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Description of key information

Key value for chemical safety assessment

Bioaccumulation potential:
no bioaccumulation potential

Additional information

There are no studies profiling the compound with CAS No. 3896-11-5 with respect to its toxicokinetic behaviour.

The test substance has a molecular weight of 315.7973 g/mol. It is a slightly yellow powder at room temperature. It has a very poorly solubility in water (< 1 mg/L at 20°C). The vapour pressure of the test substance is determined to be 0.00000075 Pa at 20°C. A log P0/w is estimated at 5.55.

Absorption

In oral toxicity studies, in which doses from 2000 up to 7750 mg/kg bw were administered by gavage in rats, no peculiarities as in for example, yellowly discoloration of urine and faeces were reported. Death was also absent and registered clinical signs of toxicity mirrored at least in one experiment normal signs that are commonly seen in acute oral toxicity tests i.e. sedation, dyspnoea, curved position and ruffled fur. Results from acute toxicity tests thus give no indications of systemic bioavailability of the test substance via the GIT. However, indirect indications of systemic availability are seen in a 13 week subchronic study in dogs, in which diets containing the test substance at levels of 200, 1000 or 5000 ppm lead to a significant reduction of body weights in females of the highest dose group. After termination of the 13 week treatment, body weights were normalised. In addition, a significant but reversible (4 weeks recovery) increase in liver weights - that however was not accompanied by histological changes - seen in animals of both sexes of the high dose group suggests a functional adaptation of the liver to increased systemic load. A slight increase in relative liver to body weights was also seen in a 90 day study in Wistar rats given the test substance in diet ad libitum at concentrations of 400, 1000, 2500 and 10000 ppm.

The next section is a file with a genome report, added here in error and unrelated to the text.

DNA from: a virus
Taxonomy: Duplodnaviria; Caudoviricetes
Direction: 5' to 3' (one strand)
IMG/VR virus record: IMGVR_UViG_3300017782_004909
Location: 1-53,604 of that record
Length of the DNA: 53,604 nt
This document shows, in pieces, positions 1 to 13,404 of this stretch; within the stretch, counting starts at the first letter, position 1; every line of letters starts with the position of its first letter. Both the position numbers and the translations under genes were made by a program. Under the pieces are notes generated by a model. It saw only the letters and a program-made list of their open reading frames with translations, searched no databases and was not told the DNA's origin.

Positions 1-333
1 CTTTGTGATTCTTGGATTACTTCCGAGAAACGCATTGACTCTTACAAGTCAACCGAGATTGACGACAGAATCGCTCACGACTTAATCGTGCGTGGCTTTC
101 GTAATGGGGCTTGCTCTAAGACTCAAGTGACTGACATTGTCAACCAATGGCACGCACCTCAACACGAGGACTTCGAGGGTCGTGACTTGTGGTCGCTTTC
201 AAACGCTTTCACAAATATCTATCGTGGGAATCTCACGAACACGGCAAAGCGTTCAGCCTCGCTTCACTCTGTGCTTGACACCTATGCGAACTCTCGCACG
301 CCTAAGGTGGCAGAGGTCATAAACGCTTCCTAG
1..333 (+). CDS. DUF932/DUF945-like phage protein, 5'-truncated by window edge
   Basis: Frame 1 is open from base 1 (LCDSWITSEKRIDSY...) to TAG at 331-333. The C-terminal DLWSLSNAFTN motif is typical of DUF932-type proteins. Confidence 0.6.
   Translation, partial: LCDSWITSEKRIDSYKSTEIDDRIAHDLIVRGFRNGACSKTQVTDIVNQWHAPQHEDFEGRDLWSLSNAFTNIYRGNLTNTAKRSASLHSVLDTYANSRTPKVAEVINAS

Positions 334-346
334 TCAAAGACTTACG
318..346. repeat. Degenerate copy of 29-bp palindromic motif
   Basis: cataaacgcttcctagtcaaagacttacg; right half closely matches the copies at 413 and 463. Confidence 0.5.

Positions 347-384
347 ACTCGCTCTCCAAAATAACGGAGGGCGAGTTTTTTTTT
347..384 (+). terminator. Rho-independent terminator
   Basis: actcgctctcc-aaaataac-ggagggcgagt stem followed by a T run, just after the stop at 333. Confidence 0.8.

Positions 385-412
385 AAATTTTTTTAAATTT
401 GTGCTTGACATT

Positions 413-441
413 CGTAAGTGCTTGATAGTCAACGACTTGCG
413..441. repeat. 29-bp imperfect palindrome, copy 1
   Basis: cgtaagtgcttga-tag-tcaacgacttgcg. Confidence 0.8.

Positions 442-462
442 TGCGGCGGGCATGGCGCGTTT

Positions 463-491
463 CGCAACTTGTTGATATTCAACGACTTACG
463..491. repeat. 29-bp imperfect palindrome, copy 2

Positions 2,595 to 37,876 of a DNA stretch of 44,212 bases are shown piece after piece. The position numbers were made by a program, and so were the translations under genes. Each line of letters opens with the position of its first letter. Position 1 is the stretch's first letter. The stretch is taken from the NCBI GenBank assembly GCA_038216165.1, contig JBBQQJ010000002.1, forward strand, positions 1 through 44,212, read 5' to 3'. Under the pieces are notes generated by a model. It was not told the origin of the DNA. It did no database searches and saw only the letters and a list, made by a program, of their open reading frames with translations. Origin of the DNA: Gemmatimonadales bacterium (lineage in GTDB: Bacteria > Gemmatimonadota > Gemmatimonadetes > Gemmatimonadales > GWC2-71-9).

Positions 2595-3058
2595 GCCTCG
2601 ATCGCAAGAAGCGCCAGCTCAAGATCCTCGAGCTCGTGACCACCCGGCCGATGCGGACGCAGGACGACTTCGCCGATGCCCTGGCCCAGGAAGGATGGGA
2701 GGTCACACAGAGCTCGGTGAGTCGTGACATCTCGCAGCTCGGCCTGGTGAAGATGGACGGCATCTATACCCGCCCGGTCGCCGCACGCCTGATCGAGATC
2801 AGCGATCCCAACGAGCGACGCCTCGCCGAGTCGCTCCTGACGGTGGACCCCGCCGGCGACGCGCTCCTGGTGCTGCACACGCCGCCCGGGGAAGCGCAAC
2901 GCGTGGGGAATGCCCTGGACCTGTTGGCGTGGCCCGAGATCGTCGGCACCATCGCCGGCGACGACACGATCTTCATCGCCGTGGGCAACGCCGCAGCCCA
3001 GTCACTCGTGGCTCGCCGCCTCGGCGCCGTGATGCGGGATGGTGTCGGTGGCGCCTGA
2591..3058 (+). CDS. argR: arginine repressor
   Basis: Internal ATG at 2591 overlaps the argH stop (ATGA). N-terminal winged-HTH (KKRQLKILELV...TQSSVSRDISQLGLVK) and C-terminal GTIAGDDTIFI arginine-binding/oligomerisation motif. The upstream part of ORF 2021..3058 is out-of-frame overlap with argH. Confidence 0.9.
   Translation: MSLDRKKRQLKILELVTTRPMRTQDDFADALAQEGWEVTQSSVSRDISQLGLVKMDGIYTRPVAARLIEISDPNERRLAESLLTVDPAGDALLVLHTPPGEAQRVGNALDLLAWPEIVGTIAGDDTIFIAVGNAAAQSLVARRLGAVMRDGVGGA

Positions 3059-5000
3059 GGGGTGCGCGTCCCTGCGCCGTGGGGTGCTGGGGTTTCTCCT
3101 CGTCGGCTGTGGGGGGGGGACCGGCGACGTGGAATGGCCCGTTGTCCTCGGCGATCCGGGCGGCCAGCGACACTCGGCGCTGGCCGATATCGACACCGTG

In an acute dermal toxicity study in rats (limit dose of 2000 mg/kg bw), no clinical signs of toxicity and no staining of urine or faeces were observed giving no indication of dermal absorption. The test substance does not cause skin irritation, hence enhanced absorption due to damaged skin tissue is not expected. In guinea pigs (GPMT) and mice (LLNA), the potential to cause hypersensitisation after skin contact was absent. In view of these findings coupled with the fact that the test substance has very low water solubility and a log Po/w of 5.55, systemic bioavailability via dermal absorption would not be expected.

No reliable inhalation studies are available. However, given its very low vapour pressure, and low water solubility, systemic availability after exposure to vapours or dust particle of the test substance is expected to be low.

Distribution and accumulation

Due to its high lipophilic character (log Po/w of 5.55), the test substance if systemic available would be expected to distribute into cells with the intracellular concentration probably higher than extracellular concentration particularly in fatty tissues. Furthermore, due to its high lipophilicity, upon systemic availability there may be a potential to accumulate especially if exposure to the test substance should be frequent.